By James Atkinson

The newest distillers on Tasmania's burgeoning whisky scene are each taking different and innovative approaches to overcome the cash flow issues of putting barrels of whisky down for maturation.

Launched last year in Port Arthur, William McHenry & Sons is Australia's southernmost distillery.

Founder Bill McHenry (pictured left) told TheShout he hopes to have his first fully-distilled and matured whisky on the market by early 2015, "although it could be a bit early depending on the maturing spirit".

In the meantime, McHenry is selling his Puer Triple Distilled Premium Vodka and McHenry Classic London Dry Gin, as well as Three Capes, his signature whisky brand bottled from a carefully selected barrel from the Tasmania Distillery, which produces whisky under the Sullivans Cove brand.

Elsewhere, Belgrove Distillery in Kempton is selling 'new make' rye whiskey while founder Peter Bignell (pictured right) waits for his stocks to come of age.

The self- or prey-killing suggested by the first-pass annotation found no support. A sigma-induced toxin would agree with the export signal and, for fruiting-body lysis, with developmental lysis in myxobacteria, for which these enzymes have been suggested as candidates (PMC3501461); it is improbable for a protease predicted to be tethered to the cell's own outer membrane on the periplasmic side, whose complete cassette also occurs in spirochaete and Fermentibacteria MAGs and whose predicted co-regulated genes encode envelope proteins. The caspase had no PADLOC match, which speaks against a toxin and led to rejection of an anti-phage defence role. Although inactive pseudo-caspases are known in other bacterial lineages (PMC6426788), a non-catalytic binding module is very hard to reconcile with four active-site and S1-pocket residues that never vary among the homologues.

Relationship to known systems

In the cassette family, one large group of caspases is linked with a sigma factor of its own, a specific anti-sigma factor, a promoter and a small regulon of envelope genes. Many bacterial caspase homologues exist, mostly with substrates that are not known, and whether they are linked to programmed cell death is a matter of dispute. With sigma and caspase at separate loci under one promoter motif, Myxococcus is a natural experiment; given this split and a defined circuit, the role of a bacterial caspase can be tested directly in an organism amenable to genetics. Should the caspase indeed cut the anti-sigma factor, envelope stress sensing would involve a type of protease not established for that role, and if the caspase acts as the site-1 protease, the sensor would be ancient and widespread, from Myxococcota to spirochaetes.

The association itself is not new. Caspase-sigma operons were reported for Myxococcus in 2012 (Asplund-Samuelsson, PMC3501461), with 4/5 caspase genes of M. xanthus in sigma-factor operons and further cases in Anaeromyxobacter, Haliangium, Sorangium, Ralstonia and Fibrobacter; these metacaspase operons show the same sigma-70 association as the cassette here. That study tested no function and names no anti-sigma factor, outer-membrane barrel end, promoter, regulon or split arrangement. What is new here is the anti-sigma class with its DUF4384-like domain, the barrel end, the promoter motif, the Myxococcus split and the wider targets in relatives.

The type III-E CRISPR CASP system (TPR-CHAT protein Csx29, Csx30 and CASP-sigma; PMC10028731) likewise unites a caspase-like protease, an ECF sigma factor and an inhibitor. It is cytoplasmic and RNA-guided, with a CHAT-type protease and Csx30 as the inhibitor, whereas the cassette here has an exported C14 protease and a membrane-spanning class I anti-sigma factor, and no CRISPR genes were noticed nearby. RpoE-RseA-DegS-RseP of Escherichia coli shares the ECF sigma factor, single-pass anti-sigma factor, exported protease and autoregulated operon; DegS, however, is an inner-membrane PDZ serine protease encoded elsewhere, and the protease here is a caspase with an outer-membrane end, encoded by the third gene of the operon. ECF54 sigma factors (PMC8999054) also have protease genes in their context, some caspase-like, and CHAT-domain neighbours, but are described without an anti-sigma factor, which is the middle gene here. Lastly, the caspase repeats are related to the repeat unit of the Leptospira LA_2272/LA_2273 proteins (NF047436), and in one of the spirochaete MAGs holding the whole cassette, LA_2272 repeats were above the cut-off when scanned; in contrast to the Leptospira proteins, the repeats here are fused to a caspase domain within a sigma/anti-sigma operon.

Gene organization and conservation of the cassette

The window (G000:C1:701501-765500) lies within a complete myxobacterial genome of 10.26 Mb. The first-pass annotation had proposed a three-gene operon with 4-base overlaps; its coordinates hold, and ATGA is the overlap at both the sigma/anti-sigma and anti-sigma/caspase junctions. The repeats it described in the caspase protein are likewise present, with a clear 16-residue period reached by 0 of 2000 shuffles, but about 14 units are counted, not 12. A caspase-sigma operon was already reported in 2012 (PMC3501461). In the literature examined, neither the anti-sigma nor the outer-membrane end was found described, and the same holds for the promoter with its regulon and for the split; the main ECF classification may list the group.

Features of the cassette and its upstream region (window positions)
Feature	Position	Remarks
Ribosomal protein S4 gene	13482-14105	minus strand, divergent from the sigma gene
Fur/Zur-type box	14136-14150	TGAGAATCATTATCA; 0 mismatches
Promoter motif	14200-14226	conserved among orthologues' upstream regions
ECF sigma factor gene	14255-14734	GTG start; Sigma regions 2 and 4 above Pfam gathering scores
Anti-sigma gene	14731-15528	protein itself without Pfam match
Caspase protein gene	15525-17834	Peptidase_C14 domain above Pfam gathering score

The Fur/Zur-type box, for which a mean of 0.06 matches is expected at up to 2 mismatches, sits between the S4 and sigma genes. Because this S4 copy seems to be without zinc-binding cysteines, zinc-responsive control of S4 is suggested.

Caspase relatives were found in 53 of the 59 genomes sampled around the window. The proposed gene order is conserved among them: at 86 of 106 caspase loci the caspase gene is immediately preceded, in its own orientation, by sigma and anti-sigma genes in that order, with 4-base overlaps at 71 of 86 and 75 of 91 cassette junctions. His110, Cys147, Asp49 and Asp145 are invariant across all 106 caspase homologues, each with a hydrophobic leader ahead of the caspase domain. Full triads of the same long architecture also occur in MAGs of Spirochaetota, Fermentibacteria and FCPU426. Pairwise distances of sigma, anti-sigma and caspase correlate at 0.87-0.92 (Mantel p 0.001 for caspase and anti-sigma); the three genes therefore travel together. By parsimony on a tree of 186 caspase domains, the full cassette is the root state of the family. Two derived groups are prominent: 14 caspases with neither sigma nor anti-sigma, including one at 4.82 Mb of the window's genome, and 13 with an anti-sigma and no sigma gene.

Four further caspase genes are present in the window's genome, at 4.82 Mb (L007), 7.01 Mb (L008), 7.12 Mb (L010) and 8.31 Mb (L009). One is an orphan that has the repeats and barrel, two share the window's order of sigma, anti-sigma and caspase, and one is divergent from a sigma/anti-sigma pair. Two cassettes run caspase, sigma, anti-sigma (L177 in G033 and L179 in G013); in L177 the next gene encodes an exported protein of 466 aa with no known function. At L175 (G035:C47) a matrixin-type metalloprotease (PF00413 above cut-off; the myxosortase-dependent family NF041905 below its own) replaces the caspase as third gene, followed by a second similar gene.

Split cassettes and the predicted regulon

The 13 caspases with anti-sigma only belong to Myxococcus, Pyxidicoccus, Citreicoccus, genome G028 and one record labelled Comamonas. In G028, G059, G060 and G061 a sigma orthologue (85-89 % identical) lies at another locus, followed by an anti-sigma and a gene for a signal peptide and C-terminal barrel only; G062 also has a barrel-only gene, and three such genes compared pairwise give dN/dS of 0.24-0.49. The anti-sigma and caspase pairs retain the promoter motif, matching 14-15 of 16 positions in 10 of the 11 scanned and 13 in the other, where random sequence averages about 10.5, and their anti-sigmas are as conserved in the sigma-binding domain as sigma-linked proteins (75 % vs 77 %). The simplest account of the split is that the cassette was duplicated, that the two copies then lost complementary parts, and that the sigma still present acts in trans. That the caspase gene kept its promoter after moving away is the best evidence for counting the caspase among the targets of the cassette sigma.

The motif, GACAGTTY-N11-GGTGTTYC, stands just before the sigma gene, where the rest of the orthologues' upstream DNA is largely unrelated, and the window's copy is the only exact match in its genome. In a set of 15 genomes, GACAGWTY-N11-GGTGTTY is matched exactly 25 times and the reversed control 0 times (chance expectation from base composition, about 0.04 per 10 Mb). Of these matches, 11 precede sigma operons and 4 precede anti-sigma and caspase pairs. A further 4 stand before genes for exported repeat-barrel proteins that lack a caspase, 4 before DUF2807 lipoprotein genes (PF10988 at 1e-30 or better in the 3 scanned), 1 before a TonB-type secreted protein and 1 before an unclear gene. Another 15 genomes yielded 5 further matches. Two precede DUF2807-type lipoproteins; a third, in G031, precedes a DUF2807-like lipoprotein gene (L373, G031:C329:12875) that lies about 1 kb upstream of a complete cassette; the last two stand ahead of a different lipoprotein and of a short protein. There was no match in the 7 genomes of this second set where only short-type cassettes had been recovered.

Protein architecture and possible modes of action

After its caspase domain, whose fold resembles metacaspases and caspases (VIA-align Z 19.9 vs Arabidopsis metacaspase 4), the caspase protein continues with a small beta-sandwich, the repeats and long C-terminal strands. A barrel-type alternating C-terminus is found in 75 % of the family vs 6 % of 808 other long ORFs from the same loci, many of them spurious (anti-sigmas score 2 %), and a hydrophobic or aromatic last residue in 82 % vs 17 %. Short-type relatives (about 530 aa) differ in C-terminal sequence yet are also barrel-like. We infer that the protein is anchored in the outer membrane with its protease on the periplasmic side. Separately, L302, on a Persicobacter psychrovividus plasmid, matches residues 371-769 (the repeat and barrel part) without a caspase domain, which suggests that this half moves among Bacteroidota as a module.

Bignell believes the flavour profile of new make rye spirit is ideally suited to cocktails and his distillery has an excellent accompanying story for bar owners.

He grows the rye used in his whiskey on his Kempton farm, where he built his copper pot still from scratch. 

"It is direct fired with biodiesel that I make from waste cooking oil from a roadhouse next to my farm," Bignell says.

Tasmanian whisky pioneer, Bill Lark told TheShout that cash flow is a significant issue for any distiller as they get their operations up and running – including his new venture Redlands Estate Distillery.

"We're going to restrict production to probably only about 60 barrels a year for probably the first five years," Lark said.

"Instead of going flat out and using all our financial resources to lay down barrels, we're going to restrict our production to what we can afford from the cash flow coming into the distillery from tourism."

The Shout Team

The leading online news service for Australia's beer, wine, spirits and hospitality industries.

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1 Comment

  1. What would also help, is if the Government would give them the same tax breaks the australian wine industry gets…


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